The Ragnar Experience
From arrival to drop off to parking to setting up camp, you realize this is no ordinary foot race. At a road race, the typical scene includes runners, each following a common, but meticulous, plan. This plan usually includes packet pickup, staying warm, carefully timing eating, minimizing walking and staking porta potty locations. At Ragar Alafia, the scene was more reminiscent of huge camping grounds combined with a carnival.
For this particular Ragnar, about 225 teams met about 30 miles east of Tampa for an overnight stay at Alafia River in Florida. Most of the teams were made up of 8 runners. Utra Teams had less. There was a mix of men, women and coed teams across various categories. These included a newly-created Crossfit Category and a High School Category. There were even a few kids roaming the grounds giving this event a bit of a family feeling as well. Neat.
For the next 40 hours, we were part of Ragnar Nation. We must have been made up of about 500 tents in total.
The course is made up of 3 different loops with varying distances and difficulty levels. For the typical 8 runner team, each runner gets to run each loop once.
Once finished, the team would have run about 125 miles in total, non stop through the night, the sudden cold front, and the rain it brought.
While staying in Ragnar Nation, you are most likely in one of three modes: trying to sleep, getting ready to run or actually running. To make matters more interesting, we had a cold front with lots of rain that coincided with the race. If you’ve camped before, you already know that sleeping under extreme weather conditions is a crapshoot.
When you give up on sleeping, you have plenty of activities to pass the time. Everyhing from crossfit, to yoga to a religious service was available. The food trucks were amazing as well.
You never forget thou, day or night, rain or shine, there is always a team member out on a run. Others are in the transition area watching a big monitor with runner updates on loop. With a sensor mat a quarter of a mile from the transition area, the next runner knows when to queue up for his loop.
The race timer never stops, quick transitions are essential to your team’s success.
I find it a bit hard to explain your ‘first’ trail race. There is a feeling that you should not be running thru these loops, that you should be hiking them instead. If you regularly run on asphalt, blazing a trail at night in the rain just sounds wrong. I stand corrected; getting away with running these trails is what makes it fun.
Green Loop - Easy
- 5.6 miles. This is the longest of all loops.
- Why am I running on sand? I think this was the most dangerous part of the race. Very easy to twist an ankle here.
Yellow Loop - Medium
- 4.5 miles. This is the shortest loop.
- Ran at night, in the freaking rain. Favorite run for me. Felt like an action movie.
- Why am I running underwater? So much saturated land. Frequent 6-7 inches of water.
Red Loop - Hard
- 5.4 miles.
- Hardest loop by far.
- Crazy mountain bike trail.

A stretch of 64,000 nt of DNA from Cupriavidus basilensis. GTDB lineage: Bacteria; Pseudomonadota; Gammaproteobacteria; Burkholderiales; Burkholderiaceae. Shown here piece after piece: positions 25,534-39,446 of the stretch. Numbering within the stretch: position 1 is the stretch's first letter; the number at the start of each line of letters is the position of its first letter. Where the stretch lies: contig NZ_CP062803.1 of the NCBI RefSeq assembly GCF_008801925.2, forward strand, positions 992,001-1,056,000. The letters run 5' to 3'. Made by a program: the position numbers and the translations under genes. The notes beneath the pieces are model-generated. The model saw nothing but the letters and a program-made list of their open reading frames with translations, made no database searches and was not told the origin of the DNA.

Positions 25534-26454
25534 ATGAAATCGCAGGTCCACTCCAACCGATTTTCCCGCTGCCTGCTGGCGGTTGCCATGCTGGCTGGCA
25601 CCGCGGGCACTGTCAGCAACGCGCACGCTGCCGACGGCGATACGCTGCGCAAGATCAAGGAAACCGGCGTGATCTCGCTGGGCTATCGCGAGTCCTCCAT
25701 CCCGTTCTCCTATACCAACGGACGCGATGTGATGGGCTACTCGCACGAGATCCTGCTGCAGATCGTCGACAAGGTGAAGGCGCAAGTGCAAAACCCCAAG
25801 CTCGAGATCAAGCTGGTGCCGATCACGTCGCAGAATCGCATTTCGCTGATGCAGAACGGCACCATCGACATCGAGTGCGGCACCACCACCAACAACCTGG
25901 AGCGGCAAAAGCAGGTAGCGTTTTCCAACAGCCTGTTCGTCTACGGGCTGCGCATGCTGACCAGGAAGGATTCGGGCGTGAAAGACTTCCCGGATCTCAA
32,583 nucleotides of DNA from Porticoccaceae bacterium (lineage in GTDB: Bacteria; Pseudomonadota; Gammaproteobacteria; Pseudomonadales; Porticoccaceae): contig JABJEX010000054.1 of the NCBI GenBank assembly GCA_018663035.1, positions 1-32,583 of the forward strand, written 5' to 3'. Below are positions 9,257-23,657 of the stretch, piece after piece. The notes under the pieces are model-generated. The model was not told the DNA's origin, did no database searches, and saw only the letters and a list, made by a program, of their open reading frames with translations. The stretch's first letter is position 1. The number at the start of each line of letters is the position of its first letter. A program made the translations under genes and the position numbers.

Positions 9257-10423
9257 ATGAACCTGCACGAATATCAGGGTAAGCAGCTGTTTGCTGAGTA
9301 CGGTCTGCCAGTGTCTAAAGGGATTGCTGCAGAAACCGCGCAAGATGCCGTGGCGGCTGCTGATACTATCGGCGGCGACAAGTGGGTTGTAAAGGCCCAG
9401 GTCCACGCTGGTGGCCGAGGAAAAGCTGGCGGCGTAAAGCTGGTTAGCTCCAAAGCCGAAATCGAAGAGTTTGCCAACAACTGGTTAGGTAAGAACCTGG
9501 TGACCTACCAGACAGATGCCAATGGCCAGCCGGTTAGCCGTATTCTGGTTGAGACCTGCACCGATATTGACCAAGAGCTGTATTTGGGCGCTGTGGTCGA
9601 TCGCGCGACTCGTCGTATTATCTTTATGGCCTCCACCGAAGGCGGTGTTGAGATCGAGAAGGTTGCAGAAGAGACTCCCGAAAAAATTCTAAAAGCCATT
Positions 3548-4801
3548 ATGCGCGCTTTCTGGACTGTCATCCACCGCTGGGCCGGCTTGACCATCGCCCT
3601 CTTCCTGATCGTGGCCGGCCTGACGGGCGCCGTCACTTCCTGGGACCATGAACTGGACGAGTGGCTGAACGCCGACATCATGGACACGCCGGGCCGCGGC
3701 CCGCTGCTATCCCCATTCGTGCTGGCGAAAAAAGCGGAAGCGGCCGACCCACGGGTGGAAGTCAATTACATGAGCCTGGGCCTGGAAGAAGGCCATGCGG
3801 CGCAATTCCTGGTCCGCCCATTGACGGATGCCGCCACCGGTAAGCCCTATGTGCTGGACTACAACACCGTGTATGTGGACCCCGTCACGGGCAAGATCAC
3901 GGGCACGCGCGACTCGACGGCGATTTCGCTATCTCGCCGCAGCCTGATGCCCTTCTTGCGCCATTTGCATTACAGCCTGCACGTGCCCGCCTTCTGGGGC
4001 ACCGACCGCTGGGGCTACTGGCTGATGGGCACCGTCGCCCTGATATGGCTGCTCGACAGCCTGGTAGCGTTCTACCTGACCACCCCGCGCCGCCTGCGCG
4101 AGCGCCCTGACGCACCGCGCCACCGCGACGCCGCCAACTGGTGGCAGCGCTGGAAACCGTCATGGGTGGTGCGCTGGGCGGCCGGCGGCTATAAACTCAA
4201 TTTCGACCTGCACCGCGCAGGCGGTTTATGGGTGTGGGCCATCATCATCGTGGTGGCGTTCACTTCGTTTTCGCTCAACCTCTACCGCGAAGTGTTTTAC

- Rollecoaster type with sudden bumps and dips and banked turns.
- Some dips just need to be run head on lest you do not make upcoming hill.
- Most bridges. Boards spaced for bikes not for runners.
- Craziest route.
- Lots of fun.
The Weather, the storm
With humidity ranging from 51 to 98 percent, temperatures as low as 44 and as high as 85 degrees and wind gusts of up to 25 miles per hour, we experienced typical Florida weather. At its worst, it was raining outside of the tent; it was rainng inside of the tent. We lost one tent to Ragnar…
The storm caused a race interruption of about 4 hours from 10:30 pm to about 3 am. This, in turn, prompted a reshuffling of runs for the later stages of the race.
Instead of individual runners doing a loop at a time, all runners in a team that were missing a loop would run such loop together.
Under the revised plan, if your teams’s next loop was the Yellow Loop, for example, then all team members that hadn’t run the Yellow Loop would run together. This allowed most teams to finnish all their runs.
This is how my team did.
And this is very odd. The times we recorded vary, in some cases, significantly from the official Ragnar times. I am not picking on minutes; some of the discrepancies are way off. For example, for the loops run together, we should all have the same times yet we do not.
And this is what Ragnar recorded, Ragnar Results.
As you can see in the table that follows, the Ragnar Stopwatch needs new batteries.
The only understandable offset is the race interruption on ‘Loop 10 Green’. Poor Harry. Given the time, it would be interesting to look deeper into this discrepancy one level up for all teams.
Regardless, this is our official rank at race. This includes the 4 hours lost to the storm delay; everyone’s times are equally affected. Not bad at all.
It all concludes with our team medals.
Few of us had run trails before. All of us will do this again. Go Ragnar!
All data files can be fetched from github at Ragnar- Alafia 2017 repo.
Instructions for use are in readme. That is it.